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Subly, UK/Australia, 2019

Posted on Feb 25, 2021 by FEED Staff

Adding subtitles and transcribing content is still in the dark ages
— CEO Holly Stephens, Subly

CEO: Holly Stephens

Country: UK and Australia

Started: 2019

What’s the company’s origin story?

On Facebook, 85% of videos are watched without sound and 80% of people are more likely to watch an entire video when captions are provided. But adding subtitles and transcribing content is still in the dark ages. Many platforms require users to have special skills and are slow and expensive. Subly provides a way for everyday creators, brands and agencies to produce quick and professional content with subtitles, which can be translated into multiple languages, too.

Subly is a cloud-based platform that allows users to upload a video and have it transcribed in seconds. The user can edit the subtitles without any required skills, translate them and share them with teams and audiences across platforms.

What’s the company working on at the moment?

We have more than 20k users and recently have launched the Subly Pro subscription, which includes lots of new features. We always welcome customer feedback for our roadmap to make sure creators have all they need to share more content. Our team is busy working on Subly Premium and Subly Business to provide more features for creators, to speed up workflows and create even more
accurate automatic transcription and translation services.

What is the company’s next step?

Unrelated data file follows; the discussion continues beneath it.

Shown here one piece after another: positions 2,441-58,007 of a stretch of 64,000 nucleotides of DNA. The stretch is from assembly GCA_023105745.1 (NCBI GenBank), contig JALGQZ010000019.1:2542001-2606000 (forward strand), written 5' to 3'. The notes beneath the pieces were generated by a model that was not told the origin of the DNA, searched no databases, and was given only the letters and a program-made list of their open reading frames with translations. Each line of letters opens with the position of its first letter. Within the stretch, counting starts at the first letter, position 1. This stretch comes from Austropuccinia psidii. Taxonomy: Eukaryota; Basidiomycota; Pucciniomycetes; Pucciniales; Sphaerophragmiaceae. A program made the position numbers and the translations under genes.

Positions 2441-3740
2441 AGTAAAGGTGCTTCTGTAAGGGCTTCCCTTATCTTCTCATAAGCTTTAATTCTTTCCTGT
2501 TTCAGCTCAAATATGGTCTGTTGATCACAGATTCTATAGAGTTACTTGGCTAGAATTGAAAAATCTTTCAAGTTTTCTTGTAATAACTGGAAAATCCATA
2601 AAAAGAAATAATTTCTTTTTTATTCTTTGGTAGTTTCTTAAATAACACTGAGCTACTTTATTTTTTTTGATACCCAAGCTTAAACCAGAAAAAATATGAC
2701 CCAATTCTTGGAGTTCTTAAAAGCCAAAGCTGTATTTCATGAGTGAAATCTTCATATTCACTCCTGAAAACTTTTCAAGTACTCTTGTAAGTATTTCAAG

We have a vision to make all content truly global. Our next goal is to automatically transcribe and translate any content for anyone, anywhere, as fast as content is created. Teams and individuals can access, localise, integrate, translate and collaborate on any content and any file, with workflows simplified for individuals and organisations. At that stage, a content marketplace truly becomes available to all.

What one thing does the company need most right now?

We believe everyone should be able to interact with accessible content, whether they are deaf, hard of hearing, speak different languages, are learning to read, have a disability or simply need to keep the sound off. It’s important for the public, who consume content, but also for content creators and businesses to include subtitles and translation as standard to reach wider audiences and improve engagement.

This article first featured in the Winter 2020/21 issue of FEED magazine.

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